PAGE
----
New page books, 2004 $14.99
Review by Daven
I received this book as part of several books that New Page sent me to be reviewed. At first I thought it was a good thing for us to have another book for the solitary witch. There are aspects of solitary practice that needs to be updated to what current practices are. While the idea that is a good one and there is a definite need for a book of this type, the execution in this particular case leaves much to be desired.
This book is far from useless. There is quite a lot of information contained within this book that is valuable to the average new practitioner. The problem of this that the information that is in here is duplicated in nearly every Wicca 101 book on the market.
The author obviously did a great deal of research and put quite a bit of thought into this work. I will always commend those who do the research instead of simply regurgitating other’s writings. The information contained in this book and is complete and well researched. Known information is presented with a new spin on it that would make an experienced practitioner stop and think.
However and it is my opinion that all this good information does not make up for the book’s shortcomings. Unfortunately those shortcomings are many.
One of the main problems that I have with this book is the “Child” aspect of the deity. The author spends quite a number of pages describing the aspect of duty which I feel is inherent in the deity itself. I do not think that this aspect needs to be celebrated or were sure all on its own. Having any male deity and a female deity will, of necessity, incorporate a child within the practice. I have NEVER seen anyone else have a child aspect that is celebrated, although the author says that this is an old practice. I have also never heard of another group spending time on a deity aspect that is so closely equated with the Maiden in most modern practice.
Unfortunately, the system of worship incorporates the child aspect of every ritual, making separation of that aspect almost impossible. This makes practicing what he has written down extremely interesting.
Also this has a 5 degree initiation system. This is the only system that I have ever encountered that has more than three degrees. And the way he he breaks down the initiation as it is very difficult to follow. Most of the information that the average worker will need is in the very first degree. There is so much information in fact, that it looks as though he is trying to give all the information for Wicca in the very first degree. Things like spell work, how to create ritual, divination, counseling and so on are all included in the “student” degree. I guess this is a good thing (relatively speaking) since the very next degree he mandates that one goes forth and begins to teach others.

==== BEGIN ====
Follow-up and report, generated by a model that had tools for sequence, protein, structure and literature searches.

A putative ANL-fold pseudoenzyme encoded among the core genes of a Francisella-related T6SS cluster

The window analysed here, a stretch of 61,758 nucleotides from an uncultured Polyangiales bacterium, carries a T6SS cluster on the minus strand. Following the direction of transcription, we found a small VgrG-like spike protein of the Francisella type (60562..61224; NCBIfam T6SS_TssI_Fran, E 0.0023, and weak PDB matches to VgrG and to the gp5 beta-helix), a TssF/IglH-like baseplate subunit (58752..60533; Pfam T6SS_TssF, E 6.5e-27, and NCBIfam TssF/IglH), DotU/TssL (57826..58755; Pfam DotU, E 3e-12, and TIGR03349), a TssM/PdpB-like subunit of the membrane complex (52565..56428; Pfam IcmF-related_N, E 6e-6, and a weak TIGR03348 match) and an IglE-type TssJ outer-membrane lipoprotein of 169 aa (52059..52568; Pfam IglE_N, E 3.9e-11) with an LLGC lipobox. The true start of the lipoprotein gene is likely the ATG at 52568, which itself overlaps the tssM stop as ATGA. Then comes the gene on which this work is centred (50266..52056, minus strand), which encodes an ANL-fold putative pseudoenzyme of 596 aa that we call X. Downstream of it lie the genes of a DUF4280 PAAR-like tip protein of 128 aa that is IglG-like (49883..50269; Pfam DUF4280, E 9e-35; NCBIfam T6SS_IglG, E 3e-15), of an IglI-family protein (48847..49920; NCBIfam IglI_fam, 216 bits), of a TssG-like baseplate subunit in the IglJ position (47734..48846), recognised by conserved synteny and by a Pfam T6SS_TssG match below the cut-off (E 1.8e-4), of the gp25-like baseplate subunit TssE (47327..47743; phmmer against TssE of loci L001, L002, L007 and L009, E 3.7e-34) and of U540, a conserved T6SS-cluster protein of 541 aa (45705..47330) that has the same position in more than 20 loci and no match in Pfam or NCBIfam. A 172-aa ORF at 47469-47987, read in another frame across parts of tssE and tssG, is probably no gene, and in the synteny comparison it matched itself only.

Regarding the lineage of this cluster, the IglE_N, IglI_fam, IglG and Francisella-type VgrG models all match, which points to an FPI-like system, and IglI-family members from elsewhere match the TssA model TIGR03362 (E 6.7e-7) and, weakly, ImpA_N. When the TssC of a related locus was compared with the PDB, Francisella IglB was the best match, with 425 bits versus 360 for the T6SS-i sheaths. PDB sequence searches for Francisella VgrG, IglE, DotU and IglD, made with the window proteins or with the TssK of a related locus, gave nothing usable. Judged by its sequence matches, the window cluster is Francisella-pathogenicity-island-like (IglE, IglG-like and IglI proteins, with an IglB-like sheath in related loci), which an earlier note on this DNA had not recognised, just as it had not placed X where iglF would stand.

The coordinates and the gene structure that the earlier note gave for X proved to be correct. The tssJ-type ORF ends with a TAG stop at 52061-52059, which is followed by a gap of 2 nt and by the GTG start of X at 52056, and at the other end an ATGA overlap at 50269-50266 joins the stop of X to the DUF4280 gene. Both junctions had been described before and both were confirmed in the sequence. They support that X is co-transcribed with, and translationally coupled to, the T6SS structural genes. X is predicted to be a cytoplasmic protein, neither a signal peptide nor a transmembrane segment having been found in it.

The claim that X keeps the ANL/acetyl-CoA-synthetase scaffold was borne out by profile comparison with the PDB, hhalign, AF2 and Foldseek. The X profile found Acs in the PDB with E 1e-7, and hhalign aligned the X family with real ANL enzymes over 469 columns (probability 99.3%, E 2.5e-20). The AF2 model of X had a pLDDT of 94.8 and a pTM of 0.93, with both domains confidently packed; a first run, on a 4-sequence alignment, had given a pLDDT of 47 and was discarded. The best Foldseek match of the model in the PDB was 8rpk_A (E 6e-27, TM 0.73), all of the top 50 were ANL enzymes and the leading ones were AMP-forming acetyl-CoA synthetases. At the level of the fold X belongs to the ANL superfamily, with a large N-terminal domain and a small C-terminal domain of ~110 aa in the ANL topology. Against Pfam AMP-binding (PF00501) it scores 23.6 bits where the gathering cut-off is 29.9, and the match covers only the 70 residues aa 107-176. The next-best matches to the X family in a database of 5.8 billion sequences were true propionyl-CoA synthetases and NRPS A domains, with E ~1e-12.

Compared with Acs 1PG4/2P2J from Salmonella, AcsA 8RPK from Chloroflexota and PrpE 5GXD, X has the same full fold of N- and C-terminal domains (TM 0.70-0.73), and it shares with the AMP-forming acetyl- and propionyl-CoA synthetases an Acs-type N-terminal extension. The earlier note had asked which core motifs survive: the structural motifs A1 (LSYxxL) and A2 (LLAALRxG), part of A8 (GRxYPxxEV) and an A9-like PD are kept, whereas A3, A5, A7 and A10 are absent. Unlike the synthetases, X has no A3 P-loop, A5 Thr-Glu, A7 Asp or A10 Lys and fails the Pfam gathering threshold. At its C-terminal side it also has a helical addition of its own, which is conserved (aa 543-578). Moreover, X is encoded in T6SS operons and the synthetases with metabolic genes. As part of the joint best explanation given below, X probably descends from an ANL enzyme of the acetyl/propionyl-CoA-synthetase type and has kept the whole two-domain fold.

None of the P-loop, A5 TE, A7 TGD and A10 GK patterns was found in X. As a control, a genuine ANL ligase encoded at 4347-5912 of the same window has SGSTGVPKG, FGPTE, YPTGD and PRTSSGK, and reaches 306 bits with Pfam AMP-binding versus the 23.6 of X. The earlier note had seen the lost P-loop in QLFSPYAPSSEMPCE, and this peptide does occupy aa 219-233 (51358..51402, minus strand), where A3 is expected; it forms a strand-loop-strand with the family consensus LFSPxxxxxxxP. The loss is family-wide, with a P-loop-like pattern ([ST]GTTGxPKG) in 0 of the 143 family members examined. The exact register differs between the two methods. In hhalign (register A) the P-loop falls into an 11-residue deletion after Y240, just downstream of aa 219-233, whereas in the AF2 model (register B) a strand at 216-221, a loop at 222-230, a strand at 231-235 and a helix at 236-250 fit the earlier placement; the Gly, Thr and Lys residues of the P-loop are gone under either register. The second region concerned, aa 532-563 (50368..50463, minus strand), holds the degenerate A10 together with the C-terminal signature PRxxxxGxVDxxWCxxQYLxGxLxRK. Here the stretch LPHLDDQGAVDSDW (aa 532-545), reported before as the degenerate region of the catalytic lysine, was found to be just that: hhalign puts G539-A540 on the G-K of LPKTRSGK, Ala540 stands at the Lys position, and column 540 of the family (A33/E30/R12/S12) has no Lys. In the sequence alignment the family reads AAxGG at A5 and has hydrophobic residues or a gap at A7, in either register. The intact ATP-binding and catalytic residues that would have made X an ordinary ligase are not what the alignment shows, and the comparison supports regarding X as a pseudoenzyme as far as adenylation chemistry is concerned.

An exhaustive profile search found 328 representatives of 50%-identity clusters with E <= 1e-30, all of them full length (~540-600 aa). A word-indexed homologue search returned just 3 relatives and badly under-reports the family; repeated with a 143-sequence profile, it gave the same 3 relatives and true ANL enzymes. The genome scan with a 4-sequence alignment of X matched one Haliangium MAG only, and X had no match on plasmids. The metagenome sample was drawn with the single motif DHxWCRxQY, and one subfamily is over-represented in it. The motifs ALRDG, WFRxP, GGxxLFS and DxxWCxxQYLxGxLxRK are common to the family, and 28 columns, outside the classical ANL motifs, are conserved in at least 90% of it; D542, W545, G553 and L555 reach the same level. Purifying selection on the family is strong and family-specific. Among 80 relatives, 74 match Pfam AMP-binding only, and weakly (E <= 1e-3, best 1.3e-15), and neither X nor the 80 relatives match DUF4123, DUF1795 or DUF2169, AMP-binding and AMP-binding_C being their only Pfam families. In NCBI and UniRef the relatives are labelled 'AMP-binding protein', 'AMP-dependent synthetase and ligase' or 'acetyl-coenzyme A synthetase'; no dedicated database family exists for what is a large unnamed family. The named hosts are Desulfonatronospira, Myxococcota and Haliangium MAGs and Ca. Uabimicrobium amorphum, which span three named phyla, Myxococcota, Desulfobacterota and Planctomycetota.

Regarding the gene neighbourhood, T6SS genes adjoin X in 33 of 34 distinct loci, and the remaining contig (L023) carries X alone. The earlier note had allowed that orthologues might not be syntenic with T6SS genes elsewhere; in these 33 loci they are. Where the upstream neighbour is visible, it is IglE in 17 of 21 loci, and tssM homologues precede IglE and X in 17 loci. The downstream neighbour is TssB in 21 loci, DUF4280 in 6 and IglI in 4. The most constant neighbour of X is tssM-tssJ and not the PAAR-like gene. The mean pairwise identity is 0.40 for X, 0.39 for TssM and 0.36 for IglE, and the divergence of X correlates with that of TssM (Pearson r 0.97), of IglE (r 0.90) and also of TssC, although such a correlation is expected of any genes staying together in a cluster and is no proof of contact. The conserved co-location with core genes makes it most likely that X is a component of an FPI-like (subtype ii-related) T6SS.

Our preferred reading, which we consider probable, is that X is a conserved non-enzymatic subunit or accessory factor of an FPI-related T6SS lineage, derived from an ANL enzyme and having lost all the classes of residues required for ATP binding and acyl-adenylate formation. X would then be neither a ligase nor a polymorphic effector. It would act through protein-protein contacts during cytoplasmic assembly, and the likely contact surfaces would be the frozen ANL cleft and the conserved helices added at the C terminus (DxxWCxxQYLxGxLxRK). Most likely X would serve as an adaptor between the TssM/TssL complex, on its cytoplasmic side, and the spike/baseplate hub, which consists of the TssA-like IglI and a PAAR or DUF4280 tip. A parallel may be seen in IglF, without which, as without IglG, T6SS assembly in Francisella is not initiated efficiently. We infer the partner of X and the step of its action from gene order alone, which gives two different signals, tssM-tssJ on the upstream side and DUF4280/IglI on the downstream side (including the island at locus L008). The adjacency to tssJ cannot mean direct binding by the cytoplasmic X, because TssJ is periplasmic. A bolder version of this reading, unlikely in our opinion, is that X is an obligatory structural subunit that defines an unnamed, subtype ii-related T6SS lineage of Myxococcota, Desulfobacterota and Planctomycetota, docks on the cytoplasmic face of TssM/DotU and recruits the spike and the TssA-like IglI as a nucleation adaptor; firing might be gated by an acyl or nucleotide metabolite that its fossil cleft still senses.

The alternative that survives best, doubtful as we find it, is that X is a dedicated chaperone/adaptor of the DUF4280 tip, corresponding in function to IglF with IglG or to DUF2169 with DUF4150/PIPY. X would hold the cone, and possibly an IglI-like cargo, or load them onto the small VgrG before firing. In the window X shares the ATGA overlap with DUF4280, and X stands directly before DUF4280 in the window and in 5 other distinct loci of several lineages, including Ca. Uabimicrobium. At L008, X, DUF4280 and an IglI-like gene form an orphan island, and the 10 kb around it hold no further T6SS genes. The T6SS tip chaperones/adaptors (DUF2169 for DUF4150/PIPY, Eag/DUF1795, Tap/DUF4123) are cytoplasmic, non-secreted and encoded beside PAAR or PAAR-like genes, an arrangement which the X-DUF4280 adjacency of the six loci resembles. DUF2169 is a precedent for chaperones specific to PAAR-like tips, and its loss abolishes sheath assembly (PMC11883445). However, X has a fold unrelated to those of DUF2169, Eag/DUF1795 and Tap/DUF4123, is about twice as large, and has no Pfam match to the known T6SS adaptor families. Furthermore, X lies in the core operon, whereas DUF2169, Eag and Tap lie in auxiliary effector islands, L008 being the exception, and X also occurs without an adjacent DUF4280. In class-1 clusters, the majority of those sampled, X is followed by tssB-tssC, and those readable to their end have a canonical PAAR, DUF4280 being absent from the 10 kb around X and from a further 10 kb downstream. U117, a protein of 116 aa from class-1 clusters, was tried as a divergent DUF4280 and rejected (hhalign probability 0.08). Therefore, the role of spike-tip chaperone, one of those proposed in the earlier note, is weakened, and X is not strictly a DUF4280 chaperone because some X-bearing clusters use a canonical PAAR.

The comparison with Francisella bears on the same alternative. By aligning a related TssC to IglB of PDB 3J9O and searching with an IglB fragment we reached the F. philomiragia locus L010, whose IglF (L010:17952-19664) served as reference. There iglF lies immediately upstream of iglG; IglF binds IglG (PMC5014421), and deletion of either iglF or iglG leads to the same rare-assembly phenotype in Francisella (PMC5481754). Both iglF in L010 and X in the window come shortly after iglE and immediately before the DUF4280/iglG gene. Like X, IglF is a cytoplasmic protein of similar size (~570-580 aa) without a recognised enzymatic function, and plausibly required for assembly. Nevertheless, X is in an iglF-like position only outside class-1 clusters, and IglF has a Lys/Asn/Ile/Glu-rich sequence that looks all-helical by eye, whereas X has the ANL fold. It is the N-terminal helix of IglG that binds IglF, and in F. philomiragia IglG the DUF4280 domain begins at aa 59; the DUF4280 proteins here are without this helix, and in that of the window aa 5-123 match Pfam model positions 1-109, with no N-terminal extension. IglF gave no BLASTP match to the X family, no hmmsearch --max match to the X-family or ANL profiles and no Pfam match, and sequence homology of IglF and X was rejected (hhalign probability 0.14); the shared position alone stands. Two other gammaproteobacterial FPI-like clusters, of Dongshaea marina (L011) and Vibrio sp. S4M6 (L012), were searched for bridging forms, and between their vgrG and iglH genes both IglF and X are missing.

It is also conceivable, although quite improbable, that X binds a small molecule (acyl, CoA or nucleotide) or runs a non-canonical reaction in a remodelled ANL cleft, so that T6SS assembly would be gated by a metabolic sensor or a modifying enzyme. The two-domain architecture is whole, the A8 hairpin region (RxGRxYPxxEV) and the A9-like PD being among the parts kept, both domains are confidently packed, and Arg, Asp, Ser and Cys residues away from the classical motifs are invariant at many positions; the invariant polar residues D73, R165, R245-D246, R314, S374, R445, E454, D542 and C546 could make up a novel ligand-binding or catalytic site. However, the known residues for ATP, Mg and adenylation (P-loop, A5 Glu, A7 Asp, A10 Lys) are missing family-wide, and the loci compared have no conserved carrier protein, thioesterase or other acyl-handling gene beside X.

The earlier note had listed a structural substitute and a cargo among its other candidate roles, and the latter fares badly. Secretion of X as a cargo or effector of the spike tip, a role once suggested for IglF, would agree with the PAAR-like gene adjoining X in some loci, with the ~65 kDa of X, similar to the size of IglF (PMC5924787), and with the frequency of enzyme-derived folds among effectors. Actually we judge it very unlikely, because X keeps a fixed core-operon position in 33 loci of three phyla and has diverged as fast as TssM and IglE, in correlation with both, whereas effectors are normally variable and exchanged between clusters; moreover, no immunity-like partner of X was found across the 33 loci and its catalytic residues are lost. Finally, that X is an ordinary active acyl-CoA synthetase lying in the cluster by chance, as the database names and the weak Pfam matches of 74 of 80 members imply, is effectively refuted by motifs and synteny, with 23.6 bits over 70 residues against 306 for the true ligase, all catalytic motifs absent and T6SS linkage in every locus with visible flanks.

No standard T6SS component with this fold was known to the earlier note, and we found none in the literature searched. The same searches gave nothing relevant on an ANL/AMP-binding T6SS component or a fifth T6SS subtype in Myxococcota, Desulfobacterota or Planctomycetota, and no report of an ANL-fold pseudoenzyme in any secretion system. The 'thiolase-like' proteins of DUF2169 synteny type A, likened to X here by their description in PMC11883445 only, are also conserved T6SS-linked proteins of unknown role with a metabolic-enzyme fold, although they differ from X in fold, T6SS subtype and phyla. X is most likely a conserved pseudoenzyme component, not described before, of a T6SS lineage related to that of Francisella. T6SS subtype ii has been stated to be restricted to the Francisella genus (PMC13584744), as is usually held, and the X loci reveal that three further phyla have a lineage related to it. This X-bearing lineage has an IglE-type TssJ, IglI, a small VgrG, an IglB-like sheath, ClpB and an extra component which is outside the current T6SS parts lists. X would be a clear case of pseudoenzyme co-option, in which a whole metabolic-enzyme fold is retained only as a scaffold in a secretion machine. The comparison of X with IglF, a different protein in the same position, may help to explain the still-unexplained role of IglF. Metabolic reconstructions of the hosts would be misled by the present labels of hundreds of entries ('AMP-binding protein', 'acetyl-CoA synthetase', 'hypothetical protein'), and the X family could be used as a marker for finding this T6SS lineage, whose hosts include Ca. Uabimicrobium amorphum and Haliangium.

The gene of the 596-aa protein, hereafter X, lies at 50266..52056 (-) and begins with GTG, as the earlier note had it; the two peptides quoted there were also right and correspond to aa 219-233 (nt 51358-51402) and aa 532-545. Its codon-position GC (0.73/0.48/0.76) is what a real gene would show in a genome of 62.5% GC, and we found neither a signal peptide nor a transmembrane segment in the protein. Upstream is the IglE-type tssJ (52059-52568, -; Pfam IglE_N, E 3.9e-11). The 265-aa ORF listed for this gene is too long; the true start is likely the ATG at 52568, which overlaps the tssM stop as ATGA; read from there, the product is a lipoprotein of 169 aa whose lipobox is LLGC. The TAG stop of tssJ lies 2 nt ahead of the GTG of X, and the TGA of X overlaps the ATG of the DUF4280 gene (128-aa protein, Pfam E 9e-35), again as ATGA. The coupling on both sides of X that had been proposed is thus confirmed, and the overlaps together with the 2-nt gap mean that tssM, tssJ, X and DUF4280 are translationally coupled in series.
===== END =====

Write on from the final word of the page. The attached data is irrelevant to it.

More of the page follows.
The titles he gives each initiation are interesting as well. They imply more experience than one has. For instance, the Fourth Degree one is an Elder. The problem with this is that each degree, according to him, takes about a year to do. There will be many who go racing through this book and feel that because they are a Fourth Degree Initiate that they should be accorded the deference of an Elder without any of the knowledge that is needed for that title.
I would think that these “titles” are necessary for one who is in his tradition with the author, but to claim the title simply because you did some ceremony that a book told you to do really rubs me the wrong way. There is no way I would call a 22 year old “Madame or Sir” as this book tells me I must at a gathering.
Add into this the fact that the level of information is confusing, meaning that when the practitioner is second degree, they can call themselves a Priest/ess but without the required knowledge of a Priest/ess, it will probably ensure that a “I read a book!” newbie will be lost and reviled as fluffy.
I also had problems with the content to a point. While all the information in this is good when kept in the context of the tradition being offered, it starts failing when transposed to another tradition.
Also I found that the author frequently looses sight of what this book is about. It says that this is a book for the Solitary practitioner, but frequently in the book, the author is speaking as though the reader is actually a member of a coven or is being tutored in the Craft by another.
All of this combines to force me to give this book a low review. I’m giving it two stars out of five. I feel that this book could be easily passed over to purchase Buckland’s Big Blue Book, or Cunningham’s “Wicca; a Guide for the Solitary Practitioner” instead. The author doesn’t really present anything new, and what is there is changed enough to make it very confusing.
Buy it on you own conscience.